However, another issue that popped up when immunizations were related to well visits was the misuse or misapplication of immunization products.  It was found in several cases for example that certain physicians like to use a multitude of combination immunization products, thereby meeting the required numbers of shots for one illness, whilst providing one or two additional shots for another.  As a cost-related issue, this demonstrate a problem due to the much higher cost for combination products.  Instead of employed several lost cost products and a few high cost combos, a physician may opt to just use a series of high cost combos, resulting in higher costs to the insurer (in this case Medicaid).  For example, a series that could cost as little as $150.00 back around 10 years ago, would instead cost $250.00 due to these short cuts. 

Another short cut the practitioner took was skipping immunizations by providing combos for 3 or the 5 main immunization-related well visits, or 5 of the 7 required visits, making it so one or two immunizations never achieve their final count of booster shots by the age of two.  In terms of HEDIS and NCQA scoring, this is a non-hit and therefore lowers your score in terms of percent completion.  At the practitioner level, this means that is as little as three major shots, most of what a child needs can be provided, at the risk fo falling short once or twice, which can be made up later in the eyes of the practitioner.  Not sure if this suggests the same level of safety and prevention at the child’s or mother’s level however.

So, by adding well visits to a study of immunization, you answer a series of important questions regarding why immunizations are sometimes not completed by the time a child reaches the age of two years.  The most important question asks ‘why does the mother skip the 6th or 9th month visit?’  Obtaining an answer to this question eliminates about three-fourths of the cases with failed completions of the series. 

The second question to ask is ‘why doesnt the completion and participation in all well visits directly relate to the likelihood of completing immunization series?’ 

his is apparently because those who engage in well visits do not necessarily expect to undergo the needed immunizations, unless they are so informed, perhaps.  The well visit serves as a social activity to many, rather than a preventive activity.  Therefore, it is up to the physician to make sure the right processes are engaged in during a well visit, and that all well visits are attended to by the mother and child.  In particular, the provider has to make sure that two visits are not skipped, namely the 6th and 9th month visits, and that in such cases when these visits are skipped, that an alert be posted in the patients records indicating the need to catch-up, and not just provide the regular immunizations expected for these later visits.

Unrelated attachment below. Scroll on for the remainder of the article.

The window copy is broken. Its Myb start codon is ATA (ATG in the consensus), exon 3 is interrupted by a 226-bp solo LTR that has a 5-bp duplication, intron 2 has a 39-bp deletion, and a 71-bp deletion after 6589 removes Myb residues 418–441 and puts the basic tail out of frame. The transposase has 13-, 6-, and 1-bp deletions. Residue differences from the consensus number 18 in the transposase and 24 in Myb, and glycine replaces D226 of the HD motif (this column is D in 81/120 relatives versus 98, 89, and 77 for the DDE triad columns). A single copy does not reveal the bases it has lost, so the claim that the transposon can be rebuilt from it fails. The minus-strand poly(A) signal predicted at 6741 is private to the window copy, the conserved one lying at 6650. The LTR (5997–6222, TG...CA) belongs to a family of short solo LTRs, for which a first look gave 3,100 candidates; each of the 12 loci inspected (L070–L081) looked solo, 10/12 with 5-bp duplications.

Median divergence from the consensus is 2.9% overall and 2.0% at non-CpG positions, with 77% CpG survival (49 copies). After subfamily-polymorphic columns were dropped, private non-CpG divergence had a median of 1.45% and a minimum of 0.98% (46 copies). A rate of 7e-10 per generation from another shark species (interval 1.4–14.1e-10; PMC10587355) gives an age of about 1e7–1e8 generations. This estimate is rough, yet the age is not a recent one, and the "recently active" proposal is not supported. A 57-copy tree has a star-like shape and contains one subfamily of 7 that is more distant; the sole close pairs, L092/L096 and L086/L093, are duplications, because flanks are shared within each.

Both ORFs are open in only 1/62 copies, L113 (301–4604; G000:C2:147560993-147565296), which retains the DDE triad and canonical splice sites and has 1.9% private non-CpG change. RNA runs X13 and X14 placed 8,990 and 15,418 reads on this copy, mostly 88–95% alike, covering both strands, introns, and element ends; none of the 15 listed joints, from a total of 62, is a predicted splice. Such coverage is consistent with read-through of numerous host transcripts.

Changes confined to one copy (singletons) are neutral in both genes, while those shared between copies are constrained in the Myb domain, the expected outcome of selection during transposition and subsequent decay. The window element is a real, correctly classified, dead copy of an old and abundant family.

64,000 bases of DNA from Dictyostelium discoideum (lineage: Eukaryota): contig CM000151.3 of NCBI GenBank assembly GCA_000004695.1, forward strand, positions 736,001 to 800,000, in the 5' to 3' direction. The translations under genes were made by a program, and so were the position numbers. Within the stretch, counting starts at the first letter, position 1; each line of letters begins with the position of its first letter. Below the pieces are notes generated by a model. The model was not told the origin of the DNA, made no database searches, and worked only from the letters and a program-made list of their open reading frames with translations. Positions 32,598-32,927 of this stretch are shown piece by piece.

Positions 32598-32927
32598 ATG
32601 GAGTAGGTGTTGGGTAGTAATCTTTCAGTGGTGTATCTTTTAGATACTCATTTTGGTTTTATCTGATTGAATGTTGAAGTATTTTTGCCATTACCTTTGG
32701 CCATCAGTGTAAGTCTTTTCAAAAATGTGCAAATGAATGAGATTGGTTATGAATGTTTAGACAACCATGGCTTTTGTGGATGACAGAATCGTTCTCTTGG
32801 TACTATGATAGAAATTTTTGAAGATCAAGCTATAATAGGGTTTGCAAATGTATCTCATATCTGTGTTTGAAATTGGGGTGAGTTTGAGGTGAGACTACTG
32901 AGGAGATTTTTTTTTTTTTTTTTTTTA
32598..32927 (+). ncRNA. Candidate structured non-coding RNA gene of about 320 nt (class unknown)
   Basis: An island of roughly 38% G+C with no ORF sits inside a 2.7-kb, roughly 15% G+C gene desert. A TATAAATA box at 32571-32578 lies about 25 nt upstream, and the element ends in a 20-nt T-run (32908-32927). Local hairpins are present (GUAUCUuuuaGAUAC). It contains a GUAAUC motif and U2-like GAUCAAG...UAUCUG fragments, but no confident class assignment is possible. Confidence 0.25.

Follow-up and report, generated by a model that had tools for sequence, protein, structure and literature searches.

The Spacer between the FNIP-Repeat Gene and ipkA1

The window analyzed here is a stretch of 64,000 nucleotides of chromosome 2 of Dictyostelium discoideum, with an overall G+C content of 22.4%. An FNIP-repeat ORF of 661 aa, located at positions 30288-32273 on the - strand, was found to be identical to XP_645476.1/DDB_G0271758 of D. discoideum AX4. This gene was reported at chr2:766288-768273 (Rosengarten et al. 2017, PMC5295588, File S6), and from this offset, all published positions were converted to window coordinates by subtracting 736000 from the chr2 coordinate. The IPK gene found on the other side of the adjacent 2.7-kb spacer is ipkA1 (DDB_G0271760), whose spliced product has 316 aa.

How this related to the scoring of my PIP pertains to the arguments these findings elicited and the subsequent follow-up intervention activities it then led to.  A specific time period in the child’s life was most at risk for failing to complete the series, for which reasons interventions letters were sent for the upcoming 6-month or 9-month visits.  this was sent to all children that fit that age category, whether or not they were included in this study (since this is a 3-year study, these positive results would surface when they turned two, during the third year).  Also included was a letter targeting people about to turn two for that year, informing them of the need to complete the entire immunization series.   After identifying the children who were behind in this series, their PCP was then contacted as well informing him/her of this concern and the need for the immunization series to be completed, by a specific date (the child’s second birthday).

These aftereffects of the original report also resulted in great scores.  However, 90% of the great scores really had to do with the first year and a half of research and intervention activities.  The process itself is typically where people lose points in these QIA and PIP reports.  Even though it is clearly stated in parentheses about what should be included, which is also mentioned as well during any related teleconferences pertaining to this work, people often miss the basics regarding the biostatistical process–those items stated above–validity and reliability, and making mention of “Regression to the Means” should your draft version of this study result in higher scores than the final study performed near the end of the year.